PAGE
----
Advent 1, Thursday, Year A

Inspired by James 4:1-10

“You ask and do not receive, because you ask wrongly, in order to spend what you get on your pleasures.”  James 4:3 (NRSV)

God wants good things for us, right?  So why doesn’t he answer our prayers the way we want him to?  Why doesn’t he give us the bigger paycheck and greater leisure time?  Why doesn’t he give us more power and respect in the world?  What does God really have against pleasure and happiness, anyway?

God has nothing against pleasure and happiness; he created many good things in the world specifically so we could enjoy and appreciate them.  But he also recognizes that in pursuit of our own pleasure and happiness, we often deprive others of necessities, either intentionally or through apathy and willful blindness to the consequences of our actions.  And while God does indeed want us to enjoy good things, he’s not going answer our prayers for pleasure at the expense of others.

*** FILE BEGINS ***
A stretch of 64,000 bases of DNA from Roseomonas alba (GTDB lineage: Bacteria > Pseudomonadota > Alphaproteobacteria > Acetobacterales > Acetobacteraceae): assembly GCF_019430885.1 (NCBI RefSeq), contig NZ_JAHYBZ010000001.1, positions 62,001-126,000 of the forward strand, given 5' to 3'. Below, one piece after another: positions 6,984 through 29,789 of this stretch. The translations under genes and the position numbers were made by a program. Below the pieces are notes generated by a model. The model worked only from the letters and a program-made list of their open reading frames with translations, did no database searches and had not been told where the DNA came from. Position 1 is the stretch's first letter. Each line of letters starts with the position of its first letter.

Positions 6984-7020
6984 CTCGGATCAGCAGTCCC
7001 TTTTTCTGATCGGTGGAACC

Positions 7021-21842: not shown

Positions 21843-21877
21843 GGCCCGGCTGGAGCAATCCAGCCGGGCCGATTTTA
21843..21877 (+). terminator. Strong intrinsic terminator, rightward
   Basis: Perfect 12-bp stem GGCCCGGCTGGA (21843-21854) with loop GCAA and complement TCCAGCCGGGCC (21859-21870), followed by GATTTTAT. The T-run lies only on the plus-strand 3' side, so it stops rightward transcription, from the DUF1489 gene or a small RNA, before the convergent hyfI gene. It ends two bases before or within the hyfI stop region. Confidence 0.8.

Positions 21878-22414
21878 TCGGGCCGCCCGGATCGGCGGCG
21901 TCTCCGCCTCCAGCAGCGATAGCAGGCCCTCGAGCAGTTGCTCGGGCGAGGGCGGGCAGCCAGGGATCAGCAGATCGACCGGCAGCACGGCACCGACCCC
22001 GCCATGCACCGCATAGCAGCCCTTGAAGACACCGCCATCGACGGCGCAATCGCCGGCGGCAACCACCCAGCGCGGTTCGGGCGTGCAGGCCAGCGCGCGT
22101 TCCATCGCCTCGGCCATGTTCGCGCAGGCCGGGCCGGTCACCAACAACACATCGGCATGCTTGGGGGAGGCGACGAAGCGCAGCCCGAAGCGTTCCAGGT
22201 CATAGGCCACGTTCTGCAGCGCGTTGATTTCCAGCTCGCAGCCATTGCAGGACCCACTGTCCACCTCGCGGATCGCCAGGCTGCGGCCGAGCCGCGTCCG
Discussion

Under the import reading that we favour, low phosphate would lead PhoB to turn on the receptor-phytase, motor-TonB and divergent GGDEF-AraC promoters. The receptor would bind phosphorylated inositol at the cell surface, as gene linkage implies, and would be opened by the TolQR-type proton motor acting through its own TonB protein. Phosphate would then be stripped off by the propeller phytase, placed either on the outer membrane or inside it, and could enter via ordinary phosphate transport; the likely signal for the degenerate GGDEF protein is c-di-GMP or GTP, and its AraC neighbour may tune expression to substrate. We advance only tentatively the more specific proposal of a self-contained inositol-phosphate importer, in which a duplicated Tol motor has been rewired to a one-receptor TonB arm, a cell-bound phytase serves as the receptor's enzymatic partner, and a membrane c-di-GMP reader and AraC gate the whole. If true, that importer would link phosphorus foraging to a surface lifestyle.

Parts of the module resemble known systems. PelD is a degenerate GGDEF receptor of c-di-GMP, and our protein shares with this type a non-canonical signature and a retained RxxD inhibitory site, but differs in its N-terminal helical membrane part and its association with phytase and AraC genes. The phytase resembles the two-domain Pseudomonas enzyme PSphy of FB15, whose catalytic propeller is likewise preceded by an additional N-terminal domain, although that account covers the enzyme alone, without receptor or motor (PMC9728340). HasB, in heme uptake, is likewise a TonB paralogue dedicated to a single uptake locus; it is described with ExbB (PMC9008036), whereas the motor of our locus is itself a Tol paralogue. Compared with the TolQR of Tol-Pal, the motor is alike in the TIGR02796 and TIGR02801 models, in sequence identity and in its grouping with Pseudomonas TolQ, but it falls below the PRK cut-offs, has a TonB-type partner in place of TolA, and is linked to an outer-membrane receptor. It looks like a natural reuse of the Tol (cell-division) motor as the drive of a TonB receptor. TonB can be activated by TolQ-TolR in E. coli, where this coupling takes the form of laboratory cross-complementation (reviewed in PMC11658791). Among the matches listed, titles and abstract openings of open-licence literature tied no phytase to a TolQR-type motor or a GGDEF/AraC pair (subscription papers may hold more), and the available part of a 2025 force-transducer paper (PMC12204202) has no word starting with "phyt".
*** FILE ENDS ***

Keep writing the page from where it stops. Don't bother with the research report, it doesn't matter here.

Why do you want that bigger paycheck?  Are you unable to meet your own basic needs?  Then by all means pray and trust that God will hear your prayer.  But if God is not answering your prayer the way that you want him to, then consider the possibility that you may have confused needs with wants.  Those prayers are still useful, because God can use that opportunity to open your eyes to the needs of others in the world.  And though you may not receive what you asked for, you may find yourself receiving something much more valuable: the ability to be the answer to someone else’s prayer.

Let us pray.  Compassionate God, you know our needs better than we do.  Grant us humility and openness to your will, that we may use the resources you have given us to demonstrate your love to the world.  Through Christ our Lord, Amen.